Obesity accounts for 9.1% of national healthcare spending, according to the study, up from 6.5% a decade ago. The costs are rising because Americans are getting fatter. The average citizen is now 23 pounds overweight, according to the Centers for Disease Control and Prevention, and obesity rose by 37% between 1998 and 2006." Despite such obesity crises, mandatory calorie counts on menus has been controversial. Many questions frame the debate: Do calories on menus improve consumer choice? Are calorie counts an appropriate government action, or do they go too far in "engineering" citizens personal choices? Are calorie counts effective at influencing consumer behavior? Do consumers, and particularly restaurant-goers care? Would consumers rather not be bothered by calorie-counts when they are trying to enjoy their meals, enjoying "blissful ignorance"? Do obesity problems, and the strain they create on health care systems and taxpayers, justify aggressive mandates such as mandatory calorie counts? Are calorie counts accurate enough for consumers to be able to rely on them? Will calorie counts pressure restaurants to actually make healthier foods? Can restaurants bear the economic burden of having to list calories? Should they be allowed to engage in calorie counting voluntarily, and will the markets demand it, or are government mandates necessary? Overall, are laws mandating that restaurants list calories on their menus a good idea?

Choice: Do mandatory calorie counts improve consumer choice?

Pro

  • Calories on menus empower consumers to make healthier choices The Department of Health argued in October of 2007, in regards to the New York city legislation mandating calorie counts on menus: "calorie information provided at the time of food selection would enable New Yorkers to make more informed, healthier choices."[1]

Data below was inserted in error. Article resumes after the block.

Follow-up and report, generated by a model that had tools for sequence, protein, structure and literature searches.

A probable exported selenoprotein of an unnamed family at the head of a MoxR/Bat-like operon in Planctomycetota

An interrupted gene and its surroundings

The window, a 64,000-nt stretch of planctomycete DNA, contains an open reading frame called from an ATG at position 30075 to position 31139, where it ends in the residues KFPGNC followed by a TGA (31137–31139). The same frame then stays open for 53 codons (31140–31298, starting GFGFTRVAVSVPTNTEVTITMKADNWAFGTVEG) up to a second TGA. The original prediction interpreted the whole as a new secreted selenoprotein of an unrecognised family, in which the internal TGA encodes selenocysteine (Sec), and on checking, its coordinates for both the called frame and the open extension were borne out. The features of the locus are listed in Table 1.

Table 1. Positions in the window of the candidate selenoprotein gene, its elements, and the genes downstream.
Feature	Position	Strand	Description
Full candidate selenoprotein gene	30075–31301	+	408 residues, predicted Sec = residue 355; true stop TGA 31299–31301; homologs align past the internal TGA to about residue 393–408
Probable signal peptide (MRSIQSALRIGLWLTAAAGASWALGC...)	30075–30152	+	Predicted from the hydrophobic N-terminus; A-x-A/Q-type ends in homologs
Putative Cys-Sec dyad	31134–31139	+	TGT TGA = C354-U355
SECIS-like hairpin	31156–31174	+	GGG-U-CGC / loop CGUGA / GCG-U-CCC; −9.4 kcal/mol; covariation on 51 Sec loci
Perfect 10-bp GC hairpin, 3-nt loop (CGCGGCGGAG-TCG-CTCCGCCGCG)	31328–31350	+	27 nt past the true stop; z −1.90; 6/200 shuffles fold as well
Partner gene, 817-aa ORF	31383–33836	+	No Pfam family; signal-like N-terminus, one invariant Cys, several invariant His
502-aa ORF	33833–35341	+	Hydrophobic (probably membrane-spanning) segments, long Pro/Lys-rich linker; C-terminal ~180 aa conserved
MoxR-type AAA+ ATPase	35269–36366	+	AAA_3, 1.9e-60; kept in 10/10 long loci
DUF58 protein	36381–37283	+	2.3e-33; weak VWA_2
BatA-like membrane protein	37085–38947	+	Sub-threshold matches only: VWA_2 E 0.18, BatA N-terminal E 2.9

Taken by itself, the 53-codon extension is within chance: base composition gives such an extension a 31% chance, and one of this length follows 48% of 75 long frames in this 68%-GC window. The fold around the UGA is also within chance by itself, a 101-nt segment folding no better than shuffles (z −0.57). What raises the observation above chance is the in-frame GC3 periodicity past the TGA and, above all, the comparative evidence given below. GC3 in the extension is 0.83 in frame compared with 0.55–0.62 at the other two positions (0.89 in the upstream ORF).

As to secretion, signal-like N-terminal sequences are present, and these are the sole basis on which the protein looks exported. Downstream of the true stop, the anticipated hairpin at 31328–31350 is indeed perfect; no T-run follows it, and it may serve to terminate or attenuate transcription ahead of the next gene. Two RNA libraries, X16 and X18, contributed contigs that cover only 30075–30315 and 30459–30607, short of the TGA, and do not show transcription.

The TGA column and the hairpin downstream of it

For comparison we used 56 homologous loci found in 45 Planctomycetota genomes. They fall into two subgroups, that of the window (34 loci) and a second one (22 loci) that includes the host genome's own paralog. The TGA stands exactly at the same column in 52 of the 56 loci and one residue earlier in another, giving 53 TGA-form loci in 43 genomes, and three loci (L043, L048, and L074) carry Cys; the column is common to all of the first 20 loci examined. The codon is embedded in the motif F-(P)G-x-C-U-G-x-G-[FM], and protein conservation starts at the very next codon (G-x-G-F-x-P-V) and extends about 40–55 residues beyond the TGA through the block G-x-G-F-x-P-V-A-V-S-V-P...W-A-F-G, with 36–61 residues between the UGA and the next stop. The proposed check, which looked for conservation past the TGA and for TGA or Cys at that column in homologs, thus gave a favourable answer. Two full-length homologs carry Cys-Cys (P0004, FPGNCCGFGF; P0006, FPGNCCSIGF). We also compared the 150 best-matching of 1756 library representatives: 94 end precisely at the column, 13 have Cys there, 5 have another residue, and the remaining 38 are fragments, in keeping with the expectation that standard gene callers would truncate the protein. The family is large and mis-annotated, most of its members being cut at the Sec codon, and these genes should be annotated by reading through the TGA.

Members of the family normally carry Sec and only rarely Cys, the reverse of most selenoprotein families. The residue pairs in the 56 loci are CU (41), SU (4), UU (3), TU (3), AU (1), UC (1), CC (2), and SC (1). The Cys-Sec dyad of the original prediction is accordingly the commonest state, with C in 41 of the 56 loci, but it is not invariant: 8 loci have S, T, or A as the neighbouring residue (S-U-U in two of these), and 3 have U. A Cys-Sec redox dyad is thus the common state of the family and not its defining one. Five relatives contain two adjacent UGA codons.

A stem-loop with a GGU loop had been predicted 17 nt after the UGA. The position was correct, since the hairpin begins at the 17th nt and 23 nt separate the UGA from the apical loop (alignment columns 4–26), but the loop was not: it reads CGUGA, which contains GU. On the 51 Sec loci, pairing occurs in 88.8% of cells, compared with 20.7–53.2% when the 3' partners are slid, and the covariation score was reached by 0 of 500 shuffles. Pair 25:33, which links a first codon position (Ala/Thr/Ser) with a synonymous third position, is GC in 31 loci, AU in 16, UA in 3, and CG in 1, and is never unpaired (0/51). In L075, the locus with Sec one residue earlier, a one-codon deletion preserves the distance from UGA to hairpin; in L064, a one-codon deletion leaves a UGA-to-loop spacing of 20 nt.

• Calories counts just offer info, they do not pressure consumers. Raquel Bournhonesque, a member of Upstream Public Health and the Oregon Nutrition Policy Alliance, who supported a 2009 bill in Oregon that mandated calorie counts on menus: "It is just information. It doesn't tell people what to order or how to eat."[2] This responds to the criticism that mandating calories is somehow "social engineering" or the coercion of consumers. It does not do so. The information that is provided on menus offers no judgement at all as to whether it is "bad" to consume a meal with 1,000 calories. But, it is important for consumers to know and have this information.
  • "Social engineering" with calorie counts is justified in health crisis. It is justified for the government discourage certain behavior when that behavior (overeating), has created a health crisis that both damages overweight individuals, and places a burden on other citizens (in the form of higher health care costs).
  • Fear of government should not obstruct calorie counts on menus "A recipe for controversy" Los Angeles Times (editorial). August 10, 2009: "all reform has to start somewhere. It's counterproductive to avoid action because of fears that it will lead to scarier actions later; the time to stop is when regulations become overly burdensome on businesses and overly restrictive of consumer choice. The calorie-count rule is neither, and it would also avert a patchwork of labeling laws in states such as California and New York by setting a national standard for all chains. As a bonus, it may be the only piece of legislation in 2009 with a strong chance to make Americans look better in their swimsuits."